Currently I am working on an ethnographic research study. As a part of working on that, I have to observe and compare differences between and within cultures, much like this course. Recently I have began to look at the relationship between culture and language. Language can be a reflection of the culture’s values and can give a deeper understanding of the backbone of the culture. An example that best paints the picture is in Jewish culture the word “Shalom” is of multiuse. It is typically used as a greeting, but also is translated to peace. It is one word that carries plenty of connotation that gives a peek into what the Jewish culture holds dear. In comparison, Japan has many variations of the greeting “hello”, that vary in appropriateness depending on situations.
Japan’s culture has a strong belief in respect, which is shown in how many different ways to say hello there are. When addressing specific people more versions of hello are more acceptable than others. For people from other cultures trying to adapt it may be easy to make cultural gaffes. The most common and universally known of Japanese greetings is “moshi moshi”, but this is the most casual of greetings, and is typically only appropriate to use amongst family and close friends. Moshi Moshi is typically used when picking up phone calls, but can be used in real life as well- typically if someone is zoning out or to get someone’s attention.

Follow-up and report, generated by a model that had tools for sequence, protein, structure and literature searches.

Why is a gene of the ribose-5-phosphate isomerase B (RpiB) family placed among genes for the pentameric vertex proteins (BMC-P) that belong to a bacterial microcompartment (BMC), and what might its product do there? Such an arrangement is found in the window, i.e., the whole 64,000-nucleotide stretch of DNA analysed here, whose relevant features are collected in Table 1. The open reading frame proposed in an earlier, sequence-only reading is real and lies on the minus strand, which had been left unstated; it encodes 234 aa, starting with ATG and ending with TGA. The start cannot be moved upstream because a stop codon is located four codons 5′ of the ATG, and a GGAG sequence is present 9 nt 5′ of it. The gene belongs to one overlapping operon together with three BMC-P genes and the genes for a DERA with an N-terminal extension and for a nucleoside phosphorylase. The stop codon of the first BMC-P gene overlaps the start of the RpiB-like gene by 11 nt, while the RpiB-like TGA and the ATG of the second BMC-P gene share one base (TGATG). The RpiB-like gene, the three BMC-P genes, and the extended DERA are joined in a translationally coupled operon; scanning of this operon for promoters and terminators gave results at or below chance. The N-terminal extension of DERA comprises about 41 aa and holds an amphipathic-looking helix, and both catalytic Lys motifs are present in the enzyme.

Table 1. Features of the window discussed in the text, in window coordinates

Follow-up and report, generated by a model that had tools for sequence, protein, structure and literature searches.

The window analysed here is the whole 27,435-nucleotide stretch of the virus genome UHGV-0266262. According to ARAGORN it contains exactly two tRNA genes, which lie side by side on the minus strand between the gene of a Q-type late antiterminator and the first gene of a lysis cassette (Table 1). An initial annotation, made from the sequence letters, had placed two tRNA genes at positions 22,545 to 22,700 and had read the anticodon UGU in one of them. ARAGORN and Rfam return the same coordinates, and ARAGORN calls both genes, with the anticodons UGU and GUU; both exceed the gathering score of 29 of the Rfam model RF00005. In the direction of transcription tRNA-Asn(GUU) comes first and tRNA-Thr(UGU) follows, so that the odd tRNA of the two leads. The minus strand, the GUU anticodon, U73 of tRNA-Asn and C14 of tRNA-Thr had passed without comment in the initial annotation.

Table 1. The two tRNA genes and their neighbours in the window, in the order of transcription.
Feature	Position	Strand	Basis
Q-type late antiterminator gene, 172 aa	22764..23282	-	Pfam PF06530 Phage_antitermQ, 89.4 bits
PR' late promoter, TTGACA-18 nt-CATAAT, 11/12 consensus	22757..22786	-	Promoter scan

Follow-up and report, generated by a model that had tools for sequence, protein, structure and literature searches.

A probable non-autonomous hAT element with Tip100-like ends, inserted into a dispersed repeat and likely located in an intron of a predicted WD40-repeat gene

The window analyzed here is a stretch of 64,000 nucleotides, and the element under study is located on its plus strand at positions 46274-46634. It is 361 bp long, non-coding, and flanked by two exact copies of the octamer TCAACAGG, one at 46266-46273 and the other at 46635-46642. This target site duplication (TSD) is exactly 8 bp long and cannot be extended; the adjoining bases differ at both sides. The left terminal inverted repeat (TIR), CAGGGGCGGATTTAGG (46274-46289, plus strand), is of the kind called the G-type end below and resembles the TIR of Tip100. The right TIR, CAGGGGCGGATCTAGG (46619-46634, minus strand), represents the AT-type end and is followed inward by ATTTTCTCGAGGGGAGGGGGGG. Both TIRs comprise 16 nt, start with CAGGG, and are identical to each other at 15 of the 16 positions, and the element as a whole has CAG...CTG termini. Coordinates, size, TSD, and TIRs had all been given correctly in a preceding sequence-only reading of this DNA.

There is some folklore background for why moshi is repeated twice as “moshi moshi” as opposed to just “moshi” (Richey 2015). There are sayings that Ghosts are only able to say moshi once, so if someone said moshi just once, chances are the receiver of that message may be a little spooked (Richey 2015). Another background for moshi moshi is rooted in the common Japanese folklore of kitsune, or magical shape shifting foxes that are common throughout fairytales (Richey 2015). These foxes are particularly conniving, but legend has it are unable to speak full words, and would have particular difficulty pronouncing moshi moshi (Richey 2015).
Moshi Moshi is unacceptable in business conversations. It is considered rude because it is a shortened phrase, too relaxed and casual to be appropriate in professional settings. Alternative greetings that could be used are “Yes, or Hello”, “thank you for your call”, “I have received your forwarded call”, or even taking it to “I appreciate all you have done for us” (Richey 2015). There is a strong emphasis on identifying who is on the phone and the company you are representing to ensure there are no mix ups, and making sure the conversation goes as smoothly as possible.
It makes sense that a culture that is rooted so much in respect and appreciation have so many greetings to differentiate between professional and personal relationships. It is important to remain respectful to all and show appreciation to those where it is due.
- (2007, November 3). Discover Japan. Retrieved November 05, 2017, from http://discover-jp.blogspot.com/2007/11/moshi-moshi.html
- Glimpses of Unfamiliar Japan: Kitsune. (n.d.). Retrieved November 05, 2017, from http://academia.issendai.com/foxtales/japan-lafcadio-hearn.shtml
- Richey, M. (2015, October 01). Why Do Japanese People Say Moshi Moshi on the Phone? Retrieved November 05, 2017, from http://www.tofugu.com/japanese/moshi-moshi/